Aly: Nice! Can you highlight what ‘Astronomers for Planet Earth’ A4E is all about, its mission, and how it came to be? I assume that it has an interesting story behind its formation.

Leo: A4E is now over four years old and stands as the only, and certainly the largest, grassroots organization in astronomy dedicated to sustainability. It was created simultaneously at two locations. The first group, predominantly centered in San Francisco and Yale University around individuals such as Adrienne Cool and Debra Fischer had long been part of the AAS Sustainability Committee for the American Astronomical Society.

The second group, based in Europe, coalesced a few months later and jointly called ourselves‚ ‘Astronomers for Planet Earth.’ They initiated discussions on the social media platform Twitter during the European Astronomical Society annual meeting in Lyon, France, in 2019 — an event marked by a heatwave. The University of Lyon, where the meeting took place, lacked air conditioning, so it was very hot in all the meeting rooms. Not as hot for Pakistani conditions, probably, but hot for European conditions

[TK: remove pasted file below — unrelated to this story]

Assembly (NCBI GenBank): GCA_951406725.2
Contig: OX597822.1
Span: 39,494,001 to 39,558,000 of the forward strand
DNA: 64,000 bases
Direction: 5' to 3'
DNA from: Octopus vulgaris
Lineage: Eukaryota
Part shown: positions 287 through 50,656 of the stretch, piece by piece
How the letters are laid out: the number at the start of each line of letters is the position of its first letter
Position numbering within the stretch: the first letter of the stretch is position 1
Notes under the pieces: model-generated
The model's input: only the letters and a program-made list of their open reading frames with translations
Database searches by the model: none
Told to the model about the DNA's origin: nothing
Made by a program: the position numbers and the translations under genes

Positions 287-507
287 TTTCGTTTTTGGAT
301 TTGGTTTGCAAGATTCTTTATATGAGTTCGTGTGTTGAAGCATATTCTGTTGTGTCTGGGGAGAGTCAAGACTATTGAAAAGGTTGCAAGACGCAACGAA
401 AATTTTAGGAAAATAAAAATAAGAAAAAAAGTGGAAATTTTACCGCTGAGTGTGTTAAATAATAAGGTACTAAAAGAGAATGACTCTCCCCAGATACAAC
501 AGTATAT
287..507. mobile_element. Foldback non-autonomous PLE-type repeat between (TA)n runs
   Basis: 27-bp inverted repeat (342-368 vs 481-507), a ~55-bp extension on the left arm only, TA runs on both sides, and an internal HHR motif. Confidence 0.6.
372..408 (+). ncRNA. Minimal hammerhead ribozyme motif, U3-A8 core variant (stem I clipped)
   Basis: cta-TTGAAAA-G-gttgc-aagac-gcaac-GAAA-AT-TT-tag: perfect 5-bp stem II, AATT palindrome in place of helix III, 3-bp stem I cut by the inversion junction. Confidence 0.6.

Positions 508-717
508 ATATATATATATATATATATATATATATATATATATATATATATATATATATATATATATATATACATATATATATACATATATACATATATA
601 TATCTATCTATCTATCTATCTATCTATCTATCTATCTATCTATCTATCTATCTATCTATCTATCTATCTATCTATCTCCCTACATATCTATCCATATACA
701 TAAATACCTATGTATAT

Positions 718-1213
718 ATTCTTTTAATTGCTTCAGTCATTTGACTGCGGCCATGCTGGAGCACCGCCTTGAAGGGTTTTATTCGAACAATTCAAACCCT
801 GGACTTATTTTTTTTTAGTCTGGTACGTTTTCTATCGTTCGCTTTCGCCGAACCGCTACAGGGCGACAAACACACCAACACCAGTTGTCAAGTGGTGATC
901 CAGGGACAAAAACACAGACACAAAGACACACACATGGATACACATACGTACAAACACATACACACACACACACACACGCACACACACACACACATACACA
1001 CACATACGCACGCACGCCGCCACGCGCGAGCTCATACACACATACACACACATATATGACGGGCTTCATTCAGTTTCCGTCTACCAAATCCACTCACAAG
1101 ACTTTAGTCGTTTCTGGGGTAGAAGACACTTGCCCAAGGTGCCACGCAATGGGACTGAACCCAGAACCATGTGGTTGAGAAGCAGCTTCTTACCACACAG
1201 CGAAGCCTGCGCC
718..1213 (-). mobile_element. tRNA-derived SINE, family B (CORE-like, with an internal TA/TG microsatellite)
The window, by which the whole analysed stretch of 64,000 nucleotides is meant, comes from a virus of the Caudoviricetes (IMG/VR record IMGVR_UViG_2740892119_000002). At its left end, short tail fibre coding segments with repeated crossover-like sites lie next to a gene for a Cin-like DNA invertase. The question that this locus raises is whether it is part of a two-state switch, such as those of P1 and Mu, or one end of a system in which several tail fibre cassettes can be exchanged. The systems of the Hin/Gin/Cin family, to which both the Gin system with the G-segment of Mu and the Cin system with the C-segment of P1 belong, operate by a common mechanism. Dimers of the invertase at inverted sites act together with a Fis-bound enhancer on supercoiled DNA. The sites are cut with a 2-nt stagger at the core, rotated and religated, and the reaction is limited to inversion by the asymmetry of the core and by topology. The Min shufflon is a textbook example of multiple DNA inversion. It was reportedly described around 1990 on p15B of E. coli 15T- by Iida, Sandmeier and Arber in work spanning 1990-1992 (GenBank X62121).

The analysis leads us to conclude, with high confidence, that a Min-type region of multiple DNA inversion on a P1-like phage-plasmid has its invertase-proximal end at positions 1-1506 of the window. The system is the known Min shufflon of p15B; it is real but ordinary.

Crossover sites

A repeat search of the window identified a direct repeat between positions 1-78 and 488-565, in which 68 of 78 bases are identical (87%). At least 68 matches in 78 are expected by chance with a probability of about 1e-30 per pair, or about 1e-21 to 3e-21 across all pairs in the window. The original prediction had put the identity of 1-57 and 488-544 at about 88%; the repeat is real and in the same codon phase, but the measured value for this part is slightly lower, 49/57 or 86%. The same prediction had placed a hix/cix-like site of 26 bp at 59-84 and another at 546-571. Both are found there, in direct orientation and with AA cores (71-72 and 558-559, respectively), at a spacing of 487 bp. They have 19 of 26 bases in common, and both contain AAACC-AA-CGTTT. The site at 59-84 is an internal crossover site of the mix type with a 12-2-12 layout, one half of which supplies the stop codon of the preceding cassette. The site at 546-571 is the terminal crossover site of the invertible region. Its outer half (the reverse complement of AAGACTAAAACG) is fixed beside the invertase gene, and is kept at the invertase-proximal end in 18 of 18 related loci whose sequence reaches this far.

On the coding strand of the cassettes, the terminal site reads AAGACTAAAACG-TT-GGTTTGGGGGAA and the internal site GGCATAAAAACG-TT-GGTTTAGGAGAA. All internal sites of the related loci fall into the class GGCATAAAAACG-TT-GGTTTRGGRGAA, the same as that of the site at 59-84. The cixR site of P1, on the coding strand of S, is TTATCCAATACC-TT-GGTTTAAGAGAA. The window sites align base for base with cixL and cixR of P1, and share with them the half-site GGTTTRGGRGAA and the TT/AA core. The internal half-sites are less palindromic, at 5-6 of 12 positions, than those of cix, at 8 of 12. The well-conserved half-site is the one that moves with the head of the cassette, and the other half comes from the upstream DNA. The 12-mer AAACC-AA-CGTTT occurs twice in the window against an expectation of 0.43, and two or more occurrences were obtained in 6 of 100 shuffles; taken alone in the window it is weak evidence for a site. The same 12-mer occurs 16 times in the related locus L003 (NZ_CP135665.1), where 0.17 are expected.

Some of us began to argue about whether astronomers were part of this problem with frequent flying and extensive use of supercomputing. That is when we said, okay, we need to look into that and improve it by recognizing the need to first reduce the carbon footprint of astronomy itself. Our conviction was grounded in the belief that taking personal action was a prerequisite for advocating change to others.